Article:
(Much of the information on this page is adapted from information provided by the American Red Cross, and FEMA).
- Listen to a battery-powered radio or television
for the latest storm information, and for instructions from
Public Safety Officials.
- A Flood or Flash Flood Watch issued by the National
Weather Service means flooding or flash flooding is possible
in your area.
- A Flood or Flash Flood Warning means a flood
or flash flood will occur very soon or is already occurring.
- Check the items in your Emergency
Kit and review your Family
- Fill bathtubs, sinks and jugs with clean water
in case water becomes contaminated.
- Tip: Sanitize the sinks and bathtubs by using bleach. Rinse, then fill with clean water.
- Move valuables, such as papers, furs, jewelry
and clothing to upper floors or higher elevations.
- Bring outdoor items, such as lawn furniture, grills
and trashcans inside, or tie down securely.
- If public officials instruct you to do so, shut off water
and electricity. Leave natural gas service ON unless
local officials advise you otherwise.
- Prepare to evacuate, in case public safety officials
direct you to do so.
- Fill your car's gas tank, or listen for evacuation instructions for those who depend on public transit.
- If told to evacuate by public safety officials, do so
immediately. See the Evacuation instructions below.
- If waters start to rise inside your house before
you have evacuated, retreat to the second floor, the attic,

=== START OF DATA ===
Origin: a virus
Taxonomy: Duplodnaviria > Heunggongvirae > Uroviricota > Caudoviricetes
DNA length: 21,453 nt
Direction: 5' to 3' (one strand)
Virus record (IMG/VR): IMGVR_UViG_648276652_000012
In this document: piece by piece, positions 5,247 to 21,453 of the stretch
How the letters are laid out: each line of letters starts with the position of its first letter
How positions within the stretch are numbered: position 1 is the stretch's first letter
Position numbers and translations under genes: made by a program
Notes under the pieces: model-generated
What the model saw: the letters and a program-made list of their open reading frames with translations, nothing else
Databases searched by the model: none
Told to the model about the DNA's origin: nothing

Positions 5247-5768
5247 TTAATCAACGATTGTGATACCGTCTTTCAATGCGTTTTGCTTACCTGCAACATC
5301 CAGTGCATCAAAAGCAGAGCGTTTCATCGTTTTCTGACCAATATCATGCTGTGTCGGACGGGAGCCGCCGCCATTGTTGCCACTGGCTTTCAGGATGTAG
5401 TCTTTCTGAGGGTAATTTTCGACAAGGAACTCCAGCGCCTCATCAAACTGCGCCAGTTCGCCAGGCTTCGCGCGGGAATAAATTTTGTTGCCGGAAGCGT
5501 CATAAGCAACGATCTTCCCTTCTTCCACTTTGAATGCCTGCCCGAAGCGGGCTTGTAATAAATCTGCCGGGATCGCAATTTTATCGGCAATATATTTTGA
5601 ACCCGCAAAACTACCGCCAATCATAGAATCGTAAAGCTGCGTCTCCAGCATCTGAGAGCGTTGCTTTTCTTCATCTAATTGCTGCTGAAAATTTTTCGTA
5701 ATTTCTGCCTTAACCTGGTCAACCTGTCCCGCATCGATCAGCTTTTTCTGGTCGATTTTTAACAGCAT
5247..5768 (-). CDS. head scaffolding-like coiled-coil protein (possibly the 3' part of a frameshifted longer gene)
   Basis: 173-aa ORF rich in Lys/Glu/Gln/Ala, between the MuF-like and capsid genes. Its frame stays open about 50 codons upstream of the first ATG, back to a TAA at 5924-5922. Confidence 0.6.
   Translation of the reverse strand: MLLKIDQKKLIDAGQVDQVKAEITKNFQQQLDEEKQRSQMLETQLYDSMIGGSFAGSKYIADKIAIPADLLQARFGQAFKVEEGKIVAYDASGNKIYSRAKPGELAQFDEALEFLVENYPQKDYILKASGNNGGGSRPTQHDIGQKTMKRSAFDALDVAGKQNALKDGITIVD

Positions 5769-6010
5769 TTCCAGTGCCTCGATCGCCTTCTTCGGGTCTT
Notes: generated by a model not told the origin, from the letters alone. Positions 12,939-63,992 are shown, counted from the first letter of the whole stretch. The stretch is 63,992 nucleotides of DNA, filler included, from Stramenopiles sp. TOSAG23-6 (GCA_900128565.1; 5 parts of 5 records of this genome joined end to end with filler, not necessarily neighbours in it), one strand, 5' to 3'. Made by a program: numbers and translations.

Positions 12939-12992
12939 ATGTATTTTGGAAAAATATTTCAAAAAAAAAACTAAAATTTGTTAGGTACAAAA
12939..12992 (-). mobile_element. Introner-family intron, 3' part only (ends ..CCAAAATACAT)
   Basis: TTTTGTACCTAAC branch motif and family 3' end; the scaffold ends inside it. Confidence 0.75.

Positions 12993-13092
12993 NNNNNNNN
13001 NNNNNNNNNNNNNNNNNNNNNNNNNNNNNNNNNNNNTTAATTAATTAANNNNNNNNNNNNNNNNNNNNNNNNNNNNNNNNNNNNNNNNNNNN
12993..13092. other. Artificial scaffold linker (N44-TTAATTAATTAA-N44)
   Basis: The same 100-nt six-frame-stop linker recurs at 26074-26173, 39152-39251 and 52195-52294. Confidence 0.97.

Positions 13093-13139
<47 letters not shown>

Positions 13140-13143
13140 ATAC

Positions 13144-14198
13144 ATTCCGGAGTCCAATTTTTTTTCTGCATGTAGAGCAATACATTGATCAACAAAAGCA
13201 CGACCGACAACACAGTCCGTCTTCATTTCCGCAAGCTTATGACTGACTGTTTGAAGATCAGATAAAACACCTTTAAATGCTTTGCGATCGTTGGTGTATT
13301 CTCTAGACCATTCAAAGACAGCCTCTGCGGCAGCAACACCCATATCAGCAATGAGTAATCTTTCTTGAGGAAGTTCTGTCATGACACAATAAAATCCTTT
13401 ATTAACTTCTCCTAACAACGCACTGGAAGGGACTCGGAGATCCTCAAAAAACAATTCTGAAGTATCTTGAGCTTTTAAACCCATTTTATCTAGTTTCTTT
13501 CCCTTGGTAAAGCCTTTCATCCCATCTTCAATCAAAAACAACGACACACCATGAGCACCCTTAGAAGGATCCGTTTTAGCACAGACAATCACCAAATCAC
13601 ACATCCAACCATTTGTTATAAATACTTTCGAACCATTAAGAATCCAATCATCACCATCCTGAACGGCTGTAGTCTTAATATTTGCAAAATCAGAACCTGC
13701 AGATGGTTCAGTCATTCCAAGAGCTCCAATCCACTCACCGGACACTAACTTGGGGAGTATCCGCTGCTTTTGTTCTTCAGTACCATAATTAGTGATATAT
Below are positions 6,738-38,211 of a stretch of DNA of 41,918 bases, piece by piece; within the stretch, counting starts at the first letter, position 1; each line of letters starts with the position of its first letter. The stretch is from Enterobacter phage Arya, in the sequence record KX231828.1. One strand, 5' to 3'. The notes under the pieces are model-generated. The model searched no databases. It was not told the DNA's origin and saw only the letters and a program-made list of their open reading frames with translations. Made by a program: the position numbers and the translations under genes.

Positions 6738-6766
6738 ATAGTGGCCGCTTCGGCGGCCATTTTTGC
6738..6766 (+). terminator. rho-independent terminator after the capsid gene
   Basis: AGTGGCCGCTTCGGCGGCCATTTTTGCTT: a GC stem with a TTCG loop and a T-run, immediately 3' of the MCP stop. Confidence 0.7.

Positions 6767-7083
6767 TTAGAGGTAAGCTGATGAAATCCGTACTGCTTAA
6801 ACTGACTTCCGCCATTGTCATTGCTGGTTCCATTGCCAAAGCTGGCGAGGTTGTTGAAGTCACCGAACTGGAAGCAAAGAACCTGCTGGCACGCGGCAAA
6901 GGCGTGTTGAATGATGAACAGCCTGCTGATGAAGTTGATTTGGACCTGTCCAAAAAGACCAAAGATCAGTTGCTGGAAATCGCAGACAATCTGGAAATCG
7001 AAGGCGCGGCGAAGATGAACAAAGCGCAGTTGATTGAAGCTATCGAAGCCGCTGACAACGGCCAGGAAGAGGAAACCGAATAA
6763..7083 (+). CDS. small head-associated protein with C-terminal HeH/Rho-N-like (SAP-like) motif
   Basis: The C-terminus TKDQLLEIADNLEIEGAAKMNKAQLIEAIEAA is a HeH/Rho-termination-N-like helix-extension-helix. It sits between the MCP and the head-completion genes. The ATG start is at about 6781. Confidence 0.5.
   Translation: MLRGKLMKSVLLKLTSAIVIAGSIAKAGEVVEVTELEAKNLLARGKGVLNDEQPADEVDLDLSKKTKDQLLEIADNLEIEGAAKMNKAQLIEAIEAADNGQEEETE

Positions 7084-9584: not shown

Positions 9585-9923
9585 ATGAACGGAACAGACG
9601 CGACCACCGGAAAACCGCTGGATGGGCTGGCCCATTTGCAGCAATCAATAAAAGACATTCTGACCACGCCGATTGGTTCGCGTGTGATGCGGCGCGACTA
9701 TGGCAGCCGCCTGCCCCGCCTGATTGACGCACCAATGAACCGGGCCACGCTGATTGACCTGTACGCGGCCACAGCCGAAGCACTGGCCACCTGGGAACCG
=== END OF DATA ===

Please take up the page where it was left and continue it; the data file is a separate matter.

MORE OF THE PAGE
and if necessary, the roof.
- Avoid coming in contact with floodwaters.
- Floodwaters may carry raw sewage, chemical waste and
other disease-spreading substances. If you touch
floodwaters, wash your hands with soap and disinfected
- Electric current passes easily through water. Stay
away from downed power lines and electrical wires.
- Do NOT try to swim to safety!
- Do not drive, walk or swim through floodwaters.
Remember: Turn Around,
- Look out for animals, especially snakes, that may
be seeking higher ground to avoid floodwaters.
- Do not evacuate unless or until directed to do so by
public safety officials.
- When directed to evacuate, follow the instructions
you are given by public safety officials. Heed their advice
- Leave as soon as possible.
- Bring your Emergency
- Dress for the prevailing weather conditions, at minimum a long sleeve shirt, pants, and sturdy shoes.
- Take your pets with you. Remember that pets
(other than assistance animals for people with disabilities)
are not permitted in emergency shelters. You must follow
your plan to go to a friend's home or a pet-friendly hotel.
Click here for tips.
- Lock your home.
- Use travel routes specified by local authorities
- don't use shortcuts because certain areas may be impassable
- Avoid flooded roads and washed-out bridges.
Stay away from downed power lines.
- If you are sure you'll have time:
- Call your family contact to tell them where you are going and when you expect to arrive.
- Shut off water and electricity before leaving, if instructed to do so. Leave natural gas service ON unless local officials advise you otherwise.
- Listen to local authorities. They will provide
you with the most accurate information specific to an event
in your area. Stay tuned to local radio and television.
A battery-powered radio is a vital part of your Emergency